A Straitjacket for Employment At-Will: Recognizing Breach of Implied Contract Actions for Wrongful Demotion

By Munson, Gregory Mark | Vanderbilt Law Review, November 1997 | Go to article overview
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A Straitjacket for Employment At-Will: Recognizing Breach of Implied Contract Actions for Wrongful Demotion


Munson, Gregory Mark, Vanderbilt Law Review


I. INTRODUCTION

For over a century, employment at-will has been the law in almost all American jurisdictions.l As a result, employers can fire their employees, and employees can quit, with or without reason.2 In addition, employers have the authority under the at-will rule to regulate all terms and conditions of employment.s During the past two decades a series of judicial exceptions to the at-will rule that prohibit termination of an employee for a variety of reasons have eroded the at-will doctrine.4 These exceptions fall into two categories. First, an employer may not terminate an employee for reasons that violate public policy.5 Second, an employer may not terminate an employee who received an explicit or implied promise that termination would only occur for good cause.6

Until recently, judicial exceptions to the at-will doctrine were limited to actions for wrongful discharge. The terms and conditions of employment, such as demotion,7 reprimand, fringe benefits, promotion, or any other employer action short of termination, remained subject to the employer's complete discretion under the at-will doctrine. In Scott u. Pacific Gas and Electric Company,8 however, the California Supreme Court recognized two employees' wrongful demotion claim. This recognition of wrongful demotion indicates a willingness by one of the country's leading employment jurisdictions to expand the implied contract exception beyond wrongful discharge.

Moreover, since demotion is just one aspect of the terms and conditions of employment, a recognition of wrongful demotion indicates that the implied contract exception is applicable to all the terms and conditions of employment. The implied contract may now govern all phases of the employment relationship. This approach is a radical expansion of settled law and has the potential to reshape American employment law by relegating the at-will doctrine to those few and unimportant portions of unemployment law not subject to an implied contract.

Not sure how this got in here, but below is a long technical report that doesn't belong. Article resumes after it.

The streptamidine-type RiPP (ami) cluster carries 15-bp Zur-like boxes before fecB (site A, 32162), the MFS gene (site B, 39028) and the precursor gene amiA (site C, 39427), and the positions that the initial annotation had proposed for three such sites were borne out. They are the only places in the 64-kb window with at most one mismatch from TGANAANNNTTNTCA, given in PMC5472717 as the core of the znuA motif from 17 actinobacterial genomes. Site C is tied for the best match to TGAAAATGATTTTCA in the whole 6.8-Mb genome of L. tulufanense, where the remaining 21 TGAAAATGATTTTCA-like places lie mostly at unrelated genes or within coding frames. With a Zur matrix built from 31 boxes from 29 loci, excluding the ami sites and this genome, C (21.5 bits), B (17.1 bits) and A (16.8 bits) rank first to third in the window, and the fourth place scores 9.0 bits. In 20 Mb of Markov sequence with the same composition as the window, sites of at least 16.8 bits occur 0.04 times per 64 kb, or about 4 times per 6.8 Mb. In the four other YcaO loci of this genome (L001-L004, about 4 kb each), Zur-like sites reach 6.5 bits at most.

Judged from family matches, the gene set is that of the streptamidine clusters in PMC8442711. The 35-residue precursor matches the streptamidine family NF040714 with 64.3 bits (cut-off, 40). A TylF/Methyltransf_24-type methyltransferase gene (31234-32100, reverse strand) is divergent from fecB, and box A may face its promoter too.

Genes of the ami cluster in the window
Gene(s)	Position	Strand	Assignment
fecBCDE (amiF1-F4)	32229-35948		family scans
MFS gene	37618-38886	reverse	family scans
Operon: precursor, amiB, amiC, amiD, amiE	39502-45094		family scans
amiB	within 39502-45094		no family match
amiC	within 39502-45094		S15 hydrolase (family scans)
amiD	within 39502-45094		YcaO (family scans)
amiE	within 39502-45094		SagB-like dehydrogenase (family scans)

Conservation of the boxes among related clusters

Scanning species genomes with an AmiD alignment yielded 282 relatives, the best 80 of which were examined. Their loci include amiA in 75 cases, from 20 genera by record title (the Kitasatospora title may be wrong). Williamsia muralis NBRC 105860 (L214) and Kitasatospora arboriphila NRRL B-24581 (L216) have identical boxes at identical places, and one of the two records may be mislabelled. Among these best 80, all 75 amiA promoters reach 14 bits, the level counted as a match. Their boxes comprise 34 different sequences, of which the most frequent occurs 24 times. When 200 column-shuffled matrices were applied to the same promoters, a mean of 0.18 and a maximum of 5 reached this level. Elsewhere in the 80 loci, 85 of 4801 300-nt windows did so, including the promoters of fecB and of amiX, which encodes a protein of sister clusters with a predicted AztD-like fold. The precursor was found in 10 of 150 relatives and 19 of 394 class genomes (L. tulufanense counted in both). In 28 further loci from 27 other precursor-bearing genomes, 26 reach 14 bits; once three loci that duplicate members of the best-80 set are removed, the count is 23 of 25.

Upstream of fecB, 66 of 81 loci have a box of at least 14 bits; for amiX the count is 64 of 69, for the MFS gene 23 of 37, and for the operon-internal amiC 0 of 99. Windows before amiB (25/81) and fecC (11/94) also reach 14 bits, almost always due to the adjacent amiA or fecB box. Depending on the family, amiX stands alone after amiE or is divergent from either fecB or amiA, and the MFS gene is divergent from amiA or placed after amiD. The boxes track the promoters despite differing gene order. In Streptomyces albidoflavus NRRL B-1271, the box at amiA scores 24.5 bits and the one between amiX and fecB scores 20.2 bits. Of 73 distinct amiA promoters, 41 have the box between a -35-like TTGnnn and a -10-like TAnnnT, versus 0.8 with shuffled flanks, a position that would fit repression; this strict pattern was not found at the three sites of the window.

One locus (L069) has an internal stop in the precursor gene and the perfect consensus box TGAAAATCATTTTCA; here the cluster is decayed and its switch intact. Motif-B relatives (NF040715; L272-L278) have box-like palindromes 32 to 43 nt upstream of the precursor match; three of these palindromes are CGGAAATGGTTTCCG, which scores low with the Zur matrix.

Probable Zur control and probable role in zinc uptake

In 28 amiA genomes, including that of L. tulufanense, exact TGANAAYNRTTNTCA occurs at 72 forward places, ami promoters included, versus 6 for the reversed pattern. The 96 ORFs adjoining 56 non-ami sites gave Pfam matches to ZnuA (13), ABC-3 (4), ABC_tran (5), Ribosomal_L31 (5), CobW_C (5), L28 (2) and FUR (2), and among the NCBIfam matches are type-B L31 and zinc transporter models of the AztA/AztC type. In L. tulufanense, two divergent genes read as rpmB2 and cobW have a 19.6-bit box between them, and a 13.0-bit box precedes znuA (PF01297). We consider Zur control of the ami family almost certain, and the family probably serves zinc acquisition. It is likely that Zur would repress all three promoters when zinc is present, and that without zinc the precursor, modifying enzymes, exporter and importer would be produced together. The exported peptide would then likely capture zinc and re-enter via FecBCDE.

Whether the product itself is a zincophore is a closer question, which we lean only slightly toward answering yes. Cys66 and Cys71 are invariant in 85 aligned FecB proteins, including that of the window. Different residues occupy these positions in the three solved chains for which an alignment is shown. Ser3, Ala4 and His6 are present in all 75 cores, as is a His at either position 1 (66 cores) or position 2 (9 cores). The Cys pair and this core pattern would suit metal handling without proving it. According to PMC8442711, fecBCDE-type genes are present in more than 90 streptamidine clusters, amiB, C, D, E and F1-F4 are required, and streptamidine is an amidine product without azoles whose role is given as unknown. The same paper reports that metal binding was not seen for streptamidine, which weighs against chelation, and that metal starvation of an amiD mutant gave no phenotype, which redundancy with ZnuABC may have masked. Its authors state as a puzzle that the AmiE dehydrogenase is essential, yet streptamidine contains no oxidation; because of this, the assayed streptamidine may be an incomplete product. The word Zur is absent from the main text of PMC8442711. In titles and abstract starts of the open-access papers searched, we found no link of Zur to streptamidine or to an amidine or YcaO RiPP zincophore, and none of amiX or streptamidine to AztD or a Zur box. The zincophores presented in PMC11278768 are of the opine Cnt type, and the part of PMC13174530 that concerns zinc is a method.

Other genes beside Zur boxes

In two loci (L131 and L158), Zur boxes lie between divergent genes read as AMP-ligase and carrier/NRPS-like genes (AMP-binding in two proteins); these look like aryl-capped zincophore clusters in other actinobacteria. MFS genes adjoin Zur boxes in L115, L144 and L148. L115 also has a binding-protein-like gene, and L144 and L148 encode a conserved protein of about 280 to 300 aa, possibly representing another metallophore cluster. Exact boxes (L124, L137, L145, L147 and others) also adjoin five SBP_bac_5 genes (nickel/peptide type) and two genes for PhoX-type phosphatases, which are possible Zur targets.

In Part II, this Note will examine the impact of the Scott decision on the employment at-will doctrine by providing a brief background of the events leading to the Scott decision, an overview of the Scott decision and its reasoning, and the position of jurisdictions other than California. This Note will then demonstrate, in Part III, that recognition of wrongful demotion creates a cause of action encompassing almost all terms and conditions of employment.

Wrongful demotion will cover almost all terms and conditions of employment because wrongful demotion has no intrinsic doctrinal limitations and extrinsic limitations prove to be inadequate or unsupported by policy. Part IV will consider the policies underlying wrongful demotion and analyze possible employer responses to its recognition. Finally, Part V will conclude that recognizing wrongful demotion reduces an employer's at-will discretion to the point at which the at-will doctrine is completely circumscribed by an implied contract straitjacket that relegates the at-will rule to regulation of the most minor terms and conditions of employment.

II. THE ORIGINS OF WRONGFUL DEMOTION

A. Employment At-Will

Employment at-will is generally recognized as the child of Horace Wood, a commentator on American law in the late nineteenth century.9 In 1877, Wood wrote that "a general or indefinite hiring is prima facie a hiring at will, and if the servant seeks to make it out to be a yearly hiring, the burden is upon him to establish it by proof."lo Wood cited four cases in support of this proposition, but none of the cases truly supported the at-will rule.ll A variety of other commentators and courts, however, eventually adopted the doctrine,l2 and by the early twentieth century, the Supreme Court provided constitutional protection for the rule.l3

In 1959, the first crack appeared in the at-will doctrine when California recognized a public policy exception in Peterman v.

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